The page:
In his first budget speech as Minneapolis mayor, Jacob Frey on Wednesday proposed a $1.5 billion 2019 budget that would slightly raise the property tax levy and use the additional revenue to fund affordable housing in the city.

"As our city's population continues to grow at a rate not seen since the early 20th century, Minneapolis is confronting an unprecedented affordable housing crisis," said Frey, standing at a podium at City Hall chambers with all council members present. "While neighborhoods across Minneapolis continue to feel the benefits of a growing economy, too many people in our city are not included in that growth."

Frey spoke for nearly 45 minutes and focused heavily on the lack of affordable housing in the city, promoting homeownership, protecting tenants' rights and strengthening police and community relations.

In 2018, Frey said the city received 16 applications from nonprofit developers seeking help from the city's Affordable Housing Trust Fund totaling $23 million.

"The good news is that people want to build affordable housing here in Minneapolis," he said. "The bad news is that this year we did not have the resources to support many of those requests."

To change that, Frey proposed $40 million in one-time and ongoing funding for a series of affordable housing programs. More than half that money will go toward the Affordable Housing Trust Fund, a program that finances the rehabilitation of low-income rental housing projects across the city.

"The old cliché is, 'Don't put off for tomorrow what you can do today,' " Frey said. "The reality is that we can't put affordable housing investments off till tomorrow because tomorrow is too damn late."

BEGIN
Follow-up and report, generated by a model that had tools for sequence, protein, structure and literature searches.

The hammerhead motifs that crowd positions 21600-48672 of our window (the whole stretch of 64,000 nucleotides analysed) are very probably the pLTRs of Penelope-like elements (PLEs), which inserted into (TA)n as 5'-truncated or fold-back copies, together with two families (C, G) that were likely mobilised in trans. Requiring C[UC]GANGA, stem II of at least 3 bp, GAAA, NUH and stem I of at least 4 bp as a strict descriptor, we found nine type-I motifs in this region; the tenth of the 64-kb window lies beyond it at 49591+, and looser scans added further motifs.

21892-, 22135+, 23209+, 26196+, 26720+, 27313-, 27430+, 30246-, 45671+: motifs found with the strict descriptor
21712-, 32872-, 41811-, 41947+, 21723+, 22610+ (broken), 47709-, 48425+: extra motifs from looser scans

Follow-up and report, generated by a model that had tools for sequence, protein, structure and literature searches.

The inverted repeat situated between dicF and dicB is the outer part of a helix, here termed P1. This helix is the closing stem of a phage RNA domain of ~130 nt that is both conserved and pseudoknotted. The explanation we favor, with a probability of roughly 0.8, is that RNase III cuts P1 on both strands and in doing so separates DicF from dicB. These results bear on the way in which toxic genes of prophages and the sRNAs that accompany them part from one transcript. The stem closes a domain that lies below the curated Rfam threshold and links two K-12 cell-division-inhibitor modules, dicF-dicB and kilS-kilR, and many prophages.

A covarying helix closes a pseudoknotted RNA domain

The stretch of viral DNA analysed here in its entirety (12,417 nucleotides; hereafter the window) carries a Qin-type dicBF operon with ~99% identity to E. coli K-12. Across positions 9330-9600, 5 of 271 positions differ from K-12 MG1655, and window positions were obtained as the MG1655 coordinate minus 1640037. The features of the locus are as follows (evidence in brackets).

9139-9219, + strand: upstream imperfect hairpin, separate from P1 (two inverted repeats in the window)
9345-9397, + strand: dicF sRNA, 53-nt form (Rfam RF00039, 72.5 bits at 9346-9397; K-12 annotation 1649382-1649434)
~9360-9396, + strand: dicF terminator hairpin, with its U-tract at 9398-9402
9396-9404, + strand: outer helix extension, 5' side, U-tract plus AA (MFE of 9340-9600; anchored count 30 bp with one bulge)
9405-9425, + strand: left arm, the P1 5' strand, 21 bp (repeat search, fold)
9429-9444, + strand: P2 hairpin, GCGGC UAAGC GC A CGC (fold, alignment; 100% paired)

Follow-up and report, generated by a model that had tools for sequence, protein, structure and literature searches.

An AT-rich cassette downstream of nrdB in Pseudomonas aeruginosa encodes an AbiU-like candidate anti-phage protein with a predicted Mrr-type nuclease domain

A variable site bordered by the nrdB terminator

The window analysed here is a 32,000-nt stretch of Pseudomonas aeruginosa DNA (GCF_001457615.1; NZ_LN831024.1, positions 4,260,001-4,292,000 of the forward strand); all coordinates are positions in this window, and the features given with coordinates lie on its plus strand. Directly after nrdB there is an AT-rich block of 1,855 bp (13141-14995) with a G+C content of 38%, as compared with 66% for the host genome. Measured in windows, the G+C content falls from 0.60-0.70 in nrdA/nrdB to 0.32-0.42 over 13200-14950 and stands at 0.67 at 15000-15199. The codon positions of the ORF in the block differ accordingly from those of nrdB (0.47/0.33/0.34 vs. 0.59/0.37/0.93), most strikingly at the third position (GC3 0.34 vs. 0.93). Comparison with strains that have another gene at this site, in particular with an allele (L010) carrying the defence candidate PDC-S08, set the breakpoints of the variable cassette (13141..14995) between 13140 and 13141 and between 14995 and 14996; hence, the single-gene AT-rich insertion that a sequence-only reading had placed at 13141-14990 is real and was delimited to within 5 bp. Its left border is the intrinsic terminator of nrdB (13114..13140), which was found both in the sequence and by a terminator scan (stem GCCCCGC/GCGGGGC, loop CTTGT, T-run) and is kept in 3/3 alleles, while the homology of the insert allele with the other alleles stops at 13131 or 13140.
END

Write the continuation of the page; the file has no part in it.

Frey also proposed raising the property tax levy — the amount of property tax the city collects — by 5.6 percent. In Mayor Betsy Hodges' budget last year, the levy increased by 5.5 percent.

The 5.6 percent levy would net an additional $1.4 million. Property taxes account for about a quarter of the city's budget.

"If your home value did not increase from 2018, this budget will result in a $55, or a 4 percent, decrease in the city's tax bill," Frey said. "If your home value increased by 10 percent, the annual increase will be $85, or 6.5 percent."

In an effort to support prospective black businesses and homeowners who continue to be "financially underserved and excluded," Frey proposed $500,000 for the Village Financial Cooperative, a black-owned credit union in north Minneapolis that would launch in 2019.

So far, the credit union has received $5 million in pledged deposits from businesses and individuals, according to Shiranthi Goonathilkaka, director of engagement for the cooperative. "Having this extra money [from the city] increases our chances toward sustainability," she said.

The budget doesn't add additional sworn officers to the Police Department, but Frey proposed $1.1 million to convert eight non-policing positions now held by sworn officers to civilian positions.

"Converting these positions not only frees up sworn officers to build better relationships," he said, "it also results in more efficient and cost-effective work done by individuals specifically trained and educated in their fields, like crime lab forensics, body-worn camera technicians and a new LGBTQIA liaison."

The budget proposal also includes $280,000 for a program that would expand the Police Department's co-responder program, which pairs officers with mental health professionals.

To give residents "some peace of mind," Frey proposed $200,000 for municipal identification cards that would be available to anyone in Minneapolis above the age of 14 regardless of their immigration status.

"Too many people right now are unable to obtain a primary form of identification — youth, immigrants, seniors who no longer drive, transgender people, and those who are experiencing homelessness," Frey said.

Council President Lisa Bender said shortly after the speech that the budget wasn't yet available for her to review, but that "the overall direction of the budget is in line with my own values and priorities of constituents in Ward 10."